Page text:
Both Officer Thompson's police car and the vehicle driven by the man he was pursuing struck the car Ruth Emily Payne was driving. Alleging negligence, Payne sued these two men plus the officer's employer for damages.
This case first appeared before this Court as an interlocutory appeal, in which we affirmed the denial of summary judgment to defendants. 1
Following trial, the jury returned a defendants' verdict. Payne's motion for new trial was denied. Her sole enumeration of error on appeal is that the court erroneously charged the jury on certain principles of negligence and liability.
In her notice of appeal Payne specifically excluded the transcript of the evidence and included only the transcript of the court's charge to the jury.
The void created by the omission is problematic. As stated in Layne v. Rosenfeld, 2
"even though there may be error in the charge, we cannot determine whether this error is harmful in the absence of a transcript of the evidence. If the evidence should have demanded the verdict found by the jury, the instructions, even if error, would have been harmless and not cause for new trial, and since the burden and duty of affirmatively showing injury as well as error rests upon the appellant, and such injury does not affirmatively appear in the absence of the transcript of the evidence, we must . . . affirm the judgment of the trial judge in overruling the motion for new trial."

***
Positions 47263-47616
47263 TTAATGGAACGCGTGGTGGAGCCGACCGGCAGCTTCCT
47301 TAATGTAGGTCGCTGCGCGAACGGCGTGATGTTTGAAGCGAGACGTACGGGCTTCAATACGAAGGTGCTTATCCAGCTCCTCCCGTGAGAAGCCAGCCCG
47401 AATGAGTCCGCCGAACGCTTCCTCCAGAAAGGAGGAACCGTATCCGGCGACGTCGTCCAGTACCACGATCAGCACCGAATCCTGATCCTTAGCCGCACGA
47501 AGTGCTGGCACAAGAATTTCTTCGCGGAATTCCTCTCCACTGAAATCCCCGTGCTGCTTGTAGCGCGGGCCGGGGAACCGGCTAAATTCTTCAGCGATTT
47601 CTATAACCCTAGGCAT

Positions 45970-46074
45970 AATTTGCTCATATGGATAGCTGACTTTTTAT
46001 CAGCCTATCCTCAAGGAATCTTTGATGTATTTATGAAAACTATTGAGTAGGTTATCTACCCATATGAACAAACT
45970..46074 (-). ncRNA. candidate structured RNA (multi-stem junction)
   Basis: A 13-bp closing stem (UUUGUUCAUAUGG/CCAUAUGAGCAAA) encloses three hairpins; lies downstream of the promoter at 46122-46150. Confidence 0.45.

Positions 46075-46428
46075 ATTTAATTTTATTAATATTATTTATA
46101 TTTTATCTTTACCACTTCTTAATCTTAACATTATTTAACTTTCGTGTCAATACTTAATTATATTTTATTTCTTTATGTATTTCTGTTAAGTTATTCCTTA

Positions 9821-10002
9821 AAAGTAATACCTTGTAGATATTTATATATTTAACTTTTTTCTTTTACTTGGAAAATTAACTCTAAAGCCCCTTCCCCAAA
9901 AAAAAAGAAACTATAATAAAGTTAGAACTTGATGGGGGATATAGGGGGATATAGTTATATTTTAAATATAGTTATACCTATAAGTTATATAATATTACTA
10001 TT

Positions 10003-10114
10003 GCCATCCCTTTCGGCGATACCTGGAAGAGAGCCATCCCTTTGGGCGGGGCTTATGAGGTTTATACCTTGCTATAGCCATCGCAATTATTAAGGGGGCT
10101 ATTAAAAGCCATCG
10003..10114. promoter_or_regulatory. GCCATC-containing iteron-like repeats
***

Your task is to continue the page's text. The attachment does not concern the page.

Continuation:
Similarly, Johnson v. Bruno's, Inc. 3
explained that "it is well recognized that charging errors can, under certain circumstances, be rendered harmless and not result in reversible error. Without access to a trial transcript, we would be unable to determine accurately whether any resulting charging error was harmless, and for this separate and independent reason, we also would be compelled to affirm the judgment. . . ." In addition to Layne and Johnson, on at least four other occasions this Court has refused to consider charging errors where no complete transcript or an equivalent was included in the record. 4
True, Foskey v. Foskey 5
held that erroneous charges are "presumed to be prejudicial and harmful . . .," but this is not conclusive because "the presumption of harm which arises from a charging error [may be] overcome by a review of the record as a whole." 6
Jury charges must be adjusted to the evidence. 7
The appellate court presumes that the trial court discharges its duty in compliance with the law based on the evidence before it, so in the absence of a transcript we affirm where the enumeration of error requires a review of the transcript. 8
The alleged charging errors in this case require such a review, for they would not result in reversal if the transcript revealed they did not affect the verdict. 9
Moreover, on its face the first charge appears correct as it is nothing more than an instruction that if no negligence is found, there is no liability. The second charge is not targeted in a separate enumeration as required by OCGA 5-6-40
Hall, Booth, Smith & Slover, Roger S. Sumrall, for appellees.